Rep. Sewell Statement on Alabama Lawsuit Challenging Statewide Method for Judge Elections
Washington, D.C. – Today, Congresswoman Sewell released the following statement in response to a lawsuit filed on behalf of Alabama Chapter of the NAACP and four black Alabama voters by the Lawyers’ Committee for Civil Rights Under Law challenging the at-large method of electing judges to the three highest courts in the State of Alabama:
“This lawsuit marks another example of discriminatory voting practices in the state of Alabama. The state’s long history of voter suppression, and egregious discrimination against people of color, demands diversity at all levels of Alabama’s judicial system. As a result of Alabama’s at-large method of election used for the Alabama Supreme Court, the Court of Criminal Appeals and Court of Civil Appeals, African American voters have been denied the opportunity to elect a candidate of their choice to these courts for more than 20 years. An all-white court is not representative of the diversity of the people of Alabama.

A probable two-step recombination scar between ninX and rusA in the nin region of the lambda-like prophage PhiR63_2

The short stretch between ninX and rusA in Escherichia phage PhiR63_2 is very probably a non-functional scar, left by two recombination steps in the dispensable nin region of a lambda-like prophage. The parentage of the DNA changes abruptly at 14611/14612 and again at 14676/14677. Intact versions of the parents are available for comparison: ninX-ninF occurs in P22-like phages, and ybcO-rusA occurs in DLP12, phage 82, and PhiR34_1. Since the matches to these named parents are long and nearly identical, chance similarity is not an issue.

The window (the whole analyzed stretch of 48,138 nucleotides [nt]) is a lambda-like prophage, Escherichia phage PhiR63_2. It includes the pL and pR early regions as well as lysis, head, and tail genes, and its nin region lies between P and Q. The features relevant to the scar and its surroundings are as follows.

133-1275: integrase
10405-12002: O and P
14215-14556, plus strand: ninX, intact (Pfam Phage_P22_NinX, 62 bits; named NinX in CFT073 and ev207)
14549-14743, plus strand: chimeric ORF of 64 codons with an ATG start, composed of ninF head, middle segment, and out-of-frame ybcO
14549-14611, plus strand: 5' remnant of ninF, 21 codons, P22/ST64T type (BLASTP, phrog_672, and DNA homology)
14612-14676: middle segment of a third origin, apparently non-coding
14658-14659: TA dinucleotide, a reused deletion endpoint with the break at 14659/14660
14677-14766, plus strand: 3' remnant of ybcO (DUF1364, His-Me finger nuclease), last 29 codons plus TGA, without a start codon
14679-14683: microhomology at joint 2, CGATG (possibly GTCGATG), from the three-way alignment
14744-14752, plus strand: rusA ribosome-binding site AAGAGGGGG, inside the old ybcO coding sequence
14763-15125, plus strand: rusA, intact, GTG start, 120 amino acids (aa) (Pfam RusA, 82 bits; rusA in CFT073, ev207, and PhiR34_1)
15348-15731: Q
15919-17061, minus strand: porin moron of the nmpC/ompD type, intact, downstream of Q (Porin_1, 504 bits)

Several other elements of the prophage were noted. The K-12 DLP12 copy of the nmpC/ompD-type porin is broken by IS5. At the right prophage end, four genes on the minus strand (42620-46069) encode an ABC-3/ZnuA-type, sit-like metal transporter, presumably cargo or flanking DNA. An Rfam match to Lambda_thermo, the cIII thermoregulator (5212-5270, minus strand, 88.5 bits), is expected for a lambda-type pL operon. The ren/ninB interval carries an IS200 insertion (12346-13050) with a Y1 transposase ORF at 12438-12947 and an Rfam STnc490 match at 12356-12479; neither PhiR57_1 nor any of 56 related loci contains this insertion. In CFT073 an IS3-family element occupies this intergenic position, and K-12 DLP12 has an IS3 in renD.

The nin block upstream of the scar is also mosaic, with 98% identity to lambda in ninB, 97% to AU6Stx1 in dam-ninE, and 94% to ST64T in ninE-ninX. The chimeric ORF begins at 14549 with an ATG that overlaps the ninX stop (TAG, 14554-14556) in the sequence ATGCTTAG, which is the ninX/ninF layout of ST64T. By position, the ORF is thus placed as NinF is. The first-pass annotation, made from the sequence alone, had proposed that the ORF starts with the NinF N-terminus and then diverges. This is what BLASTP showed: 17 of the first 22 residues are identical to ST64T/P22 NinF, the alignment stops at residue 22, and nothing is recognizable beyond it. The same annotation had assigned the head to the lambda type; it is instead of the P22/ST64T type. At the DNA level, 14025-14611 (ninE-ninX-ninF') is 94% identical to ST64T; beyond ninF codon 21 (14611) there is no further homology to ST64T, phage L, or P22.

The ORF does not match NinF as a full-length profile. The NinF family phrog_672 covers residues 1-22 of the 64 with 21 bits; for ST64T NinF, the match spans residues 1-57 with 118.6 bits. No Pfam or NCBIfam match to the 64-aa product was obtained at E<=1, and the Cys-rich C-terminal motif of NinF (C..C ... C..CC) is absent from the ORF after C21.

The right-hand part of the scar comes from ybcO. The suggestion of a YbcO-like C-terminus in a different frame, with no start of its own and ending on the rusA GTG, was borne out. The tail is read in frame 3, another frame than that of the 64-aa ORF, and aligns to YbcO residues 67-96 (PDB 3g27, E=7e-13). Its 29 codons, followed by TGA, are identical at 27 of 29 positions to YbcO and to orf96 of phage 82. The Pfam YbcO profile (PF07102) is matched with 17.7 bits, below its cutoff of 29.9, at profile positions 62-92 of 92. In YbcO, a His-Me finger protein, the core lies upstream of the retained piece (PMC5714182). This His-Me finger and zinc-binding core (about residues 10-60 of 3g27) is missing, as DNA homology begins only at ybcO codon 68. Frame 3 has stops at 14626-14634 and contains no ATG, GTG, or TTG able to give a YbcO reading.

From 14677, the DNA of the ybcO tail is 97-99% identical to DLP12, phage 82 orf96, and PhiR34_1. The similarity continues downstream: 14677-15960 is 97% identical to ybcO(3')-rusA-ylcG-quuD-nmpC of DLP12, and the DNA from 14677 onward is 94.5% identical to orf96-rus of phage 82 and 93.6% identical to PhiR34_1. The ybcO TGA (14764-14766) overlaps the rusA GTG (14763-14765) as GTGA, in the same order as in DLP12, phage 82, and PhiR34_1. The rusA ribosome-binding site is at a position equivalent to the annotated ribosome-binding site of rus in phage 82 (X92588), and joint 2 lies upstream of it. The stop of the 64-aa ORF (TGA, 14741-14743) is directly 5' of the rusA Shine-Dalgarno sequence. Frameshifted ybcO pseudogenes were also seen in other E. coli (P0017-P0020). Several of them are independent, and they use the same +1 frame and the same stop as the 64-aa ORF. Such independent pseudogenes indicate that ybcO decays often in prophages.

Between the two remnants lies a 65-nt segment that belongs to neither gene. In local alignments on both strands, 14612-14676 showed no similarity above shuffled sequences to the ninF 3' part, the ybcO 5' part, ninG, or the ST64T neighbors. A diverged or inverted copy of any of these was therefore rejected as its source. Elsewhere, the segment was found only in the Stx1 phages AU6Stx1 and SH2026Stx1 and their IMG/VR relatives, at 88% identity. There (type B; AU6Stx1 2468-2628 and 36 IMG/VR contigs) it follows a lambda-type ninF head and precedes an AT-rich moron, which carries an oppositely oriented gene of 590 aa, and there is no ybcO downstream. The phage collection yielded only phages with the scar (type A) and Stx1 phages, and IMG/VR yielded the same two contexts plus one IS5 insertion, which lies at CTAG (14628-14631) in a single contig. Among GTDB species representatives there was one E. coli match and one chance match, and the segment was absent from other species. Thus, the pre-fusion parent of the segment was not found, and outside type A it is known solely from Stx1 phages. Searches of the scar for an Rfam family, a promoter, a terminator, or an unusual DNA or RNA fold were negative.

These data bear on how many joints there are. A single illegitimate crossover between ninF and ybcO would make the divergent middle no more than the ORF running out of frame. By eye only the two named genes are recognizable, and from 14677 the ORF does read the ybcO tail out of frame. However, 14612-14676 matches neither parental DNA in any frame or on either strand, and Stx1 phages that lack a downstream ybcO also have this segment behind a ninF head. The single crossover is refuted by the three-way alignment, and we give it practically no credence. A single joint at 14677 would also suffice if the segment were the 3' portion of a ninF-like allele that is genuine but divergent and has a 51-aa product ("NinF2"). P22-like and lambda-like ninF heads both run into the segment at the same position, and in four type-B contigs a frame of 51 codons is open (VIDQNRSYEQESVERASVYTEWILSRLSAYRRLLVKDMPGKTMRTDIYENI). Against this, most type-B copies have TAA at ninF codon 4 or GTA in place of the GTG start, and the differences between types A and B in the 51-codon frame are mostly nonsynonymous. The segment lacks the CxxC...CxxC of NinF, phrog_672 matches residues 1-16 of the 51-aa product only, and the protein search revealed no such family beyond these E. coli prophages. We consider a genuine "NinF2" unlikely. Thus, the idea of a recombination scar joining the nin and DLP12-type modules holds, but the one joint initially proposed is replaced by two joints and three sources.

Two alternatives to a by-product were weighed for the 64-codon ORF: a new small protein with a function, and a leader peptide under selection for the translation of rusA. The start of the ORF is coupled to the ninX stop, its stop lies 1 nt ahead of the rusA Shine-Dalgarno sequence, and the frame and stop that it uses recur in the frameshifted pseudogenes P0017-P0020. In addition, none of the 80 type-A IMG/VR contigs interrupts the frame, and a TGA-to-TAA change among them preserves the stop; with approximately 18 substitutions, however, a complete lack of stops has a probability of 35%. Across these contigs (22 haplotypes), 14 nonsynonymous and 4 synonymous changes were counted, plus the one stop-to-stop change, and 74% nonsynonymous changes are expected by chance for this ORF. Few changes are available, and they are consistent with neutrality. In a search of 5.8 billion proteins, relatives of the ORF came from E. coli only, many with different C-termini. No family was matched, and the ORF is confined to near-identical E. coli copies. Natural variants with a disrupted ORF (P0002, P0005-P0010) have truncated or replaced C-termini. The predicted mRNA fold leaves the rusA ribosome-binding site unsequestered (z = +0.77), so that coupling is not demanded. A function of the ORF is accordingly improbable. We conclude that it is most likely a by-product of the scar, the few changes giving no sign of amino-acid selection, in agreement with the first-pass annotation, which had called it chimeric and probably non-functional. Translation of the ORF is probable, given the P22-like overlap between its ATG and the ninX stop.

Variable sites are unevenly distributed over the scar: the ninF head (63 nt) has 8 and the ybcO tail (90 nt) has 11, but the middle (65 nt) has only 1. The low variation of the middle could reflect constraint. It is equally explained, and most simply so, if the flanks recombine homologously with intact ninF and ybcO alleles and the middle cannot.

“Our struggle to reduce barriers to voting requires that we continue to fight against discriminatory election practices that silence the voices of African Americans, and other voters of color. Alabama is one of only a handful of states that continues the old practice of electing appellate judges by statewide elections. This practice has run its course and single member districts are needed now to ensure that African Americans and other minority voters have equal access to the voting process.
“As Co-Chair of the Congressional Voting Rights Caucus, I will continue to fight for legislation that restores the Voting Rights Act of 1965; such as the bill I introduced—H.R. 2867 – The Voting Rights Advancement Act of 2015. Our right to vote is the cornerstone of our democracy and it must be protected at all costs.”